And in fact, in the course of the weekend, we thought we could re-do the deal. We really thought that Houston would be ready to part with Kyle Lowry; and we had a trade lined up for [Lamar] Odom that would have gotten us a good first-round draft pick. Not we, but my basketball folks. But [Kupchack] at the time panicked, and moved Odom to Dallas. So the piece wasn't even there for us to play with at the time. So that was it—just about what was good for the then New Orleans Hornets.
Paul wound up with the Los Angeles Clippers, who traded Eric Gordon, Chris Kaman, Al-Farouq Aminu and a first-round pick to the New Orleans Hornets.
Since the move happened five-and-a-half years ago, most NBA fans have moved on. Granted, Paul joining the Lakers ahead of the lockout-shortened 2011-12 season is one of the bigger what ifs from the last decade.
It's far from a guarantee Paul's arrival would've had the galvanizing affect the Lakers expected by potentially acquiring the star point guard. A backcourt of Paul and Kobe Bryant looked great on paper, but the same was said of the Lakers when they added Dwight Howard and Steve Nash a year later.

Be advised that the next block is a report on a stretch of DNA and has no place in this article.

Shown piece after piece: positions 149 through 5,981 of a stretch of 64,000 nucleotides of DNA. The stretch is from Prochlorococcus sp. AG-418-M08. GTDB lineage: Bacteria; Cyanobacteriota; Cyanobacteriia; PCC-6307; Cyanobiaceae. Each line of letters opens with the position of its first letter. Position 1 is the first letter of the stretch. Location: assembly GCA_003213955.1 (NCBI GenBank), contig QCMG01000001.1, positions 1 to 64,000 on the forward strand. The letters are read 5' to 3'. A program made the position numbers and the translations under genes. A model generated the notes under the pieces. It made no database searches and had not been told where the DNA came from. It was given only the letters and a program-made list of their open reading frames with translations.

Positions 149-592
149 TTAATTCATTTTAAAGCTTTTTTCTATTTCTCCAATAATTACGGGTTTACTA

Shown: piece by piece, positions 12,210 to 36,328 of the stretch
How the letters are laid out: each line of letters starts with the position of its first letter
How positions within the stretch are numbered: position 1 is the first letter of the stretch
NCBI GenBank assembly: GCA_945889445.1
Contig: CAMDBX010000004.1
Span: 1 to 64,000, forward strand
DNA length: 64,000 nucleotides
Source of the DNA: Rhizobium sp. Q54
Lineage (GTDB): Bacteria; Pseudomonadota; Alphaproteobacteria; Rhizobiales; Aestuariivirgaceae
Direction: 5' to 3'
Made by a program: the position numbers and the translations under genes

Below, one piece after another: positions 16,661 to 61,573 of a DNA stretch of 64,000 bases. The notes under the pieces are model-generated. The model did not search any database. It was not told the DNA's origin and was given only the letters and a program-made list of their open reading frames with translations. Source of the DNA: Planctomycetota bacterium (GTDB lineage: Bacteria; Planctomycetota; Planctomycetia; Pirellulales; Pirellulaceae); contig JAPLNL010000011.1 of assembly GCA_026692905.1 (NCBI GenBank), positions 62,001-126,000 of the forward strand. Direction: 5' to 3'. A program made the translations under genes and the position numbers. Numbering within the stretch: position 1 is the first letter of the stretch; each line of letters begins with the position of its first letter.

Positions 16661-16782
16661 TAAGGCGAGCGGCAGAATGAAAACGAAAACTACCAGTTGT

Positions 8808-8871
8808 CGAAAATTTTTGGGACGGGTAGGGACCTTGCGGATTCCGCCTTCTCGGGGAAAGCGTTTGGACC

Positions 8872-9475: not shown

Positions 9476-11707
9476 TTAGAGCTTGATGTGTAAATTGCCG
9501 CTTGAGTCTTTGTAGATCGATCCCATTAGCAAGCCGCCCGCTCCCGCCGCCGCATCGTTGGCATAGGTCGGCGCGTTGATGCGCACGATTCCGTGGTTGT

Los Angeles went 45-37 and lost in the first round of the playoffs in 2012-13.
According to the Washington Post's Tim Bontemps, Howard may have joined Paul and Bryant in Los Angeles in 2011-12 as well, which would've certainly created an interesting dynamic on the court.
Some Lakers fans will likely never forgive Stern for his role in the Paul trade, but at least Los Angeles seemingly has a bright future ahead for the first time in a long time.
The Lakers may have finished 26-56 this year, but they're assembling a strong core of young players and own the No. 2 overall pick in the 2017 draft.
While the Lakers are still a few years away from top-four contention in the Western Conference, they may still wind up winning another title before the Clippers, who are facing an offseason in which Paul and Blake Griffin are eligible for free agency.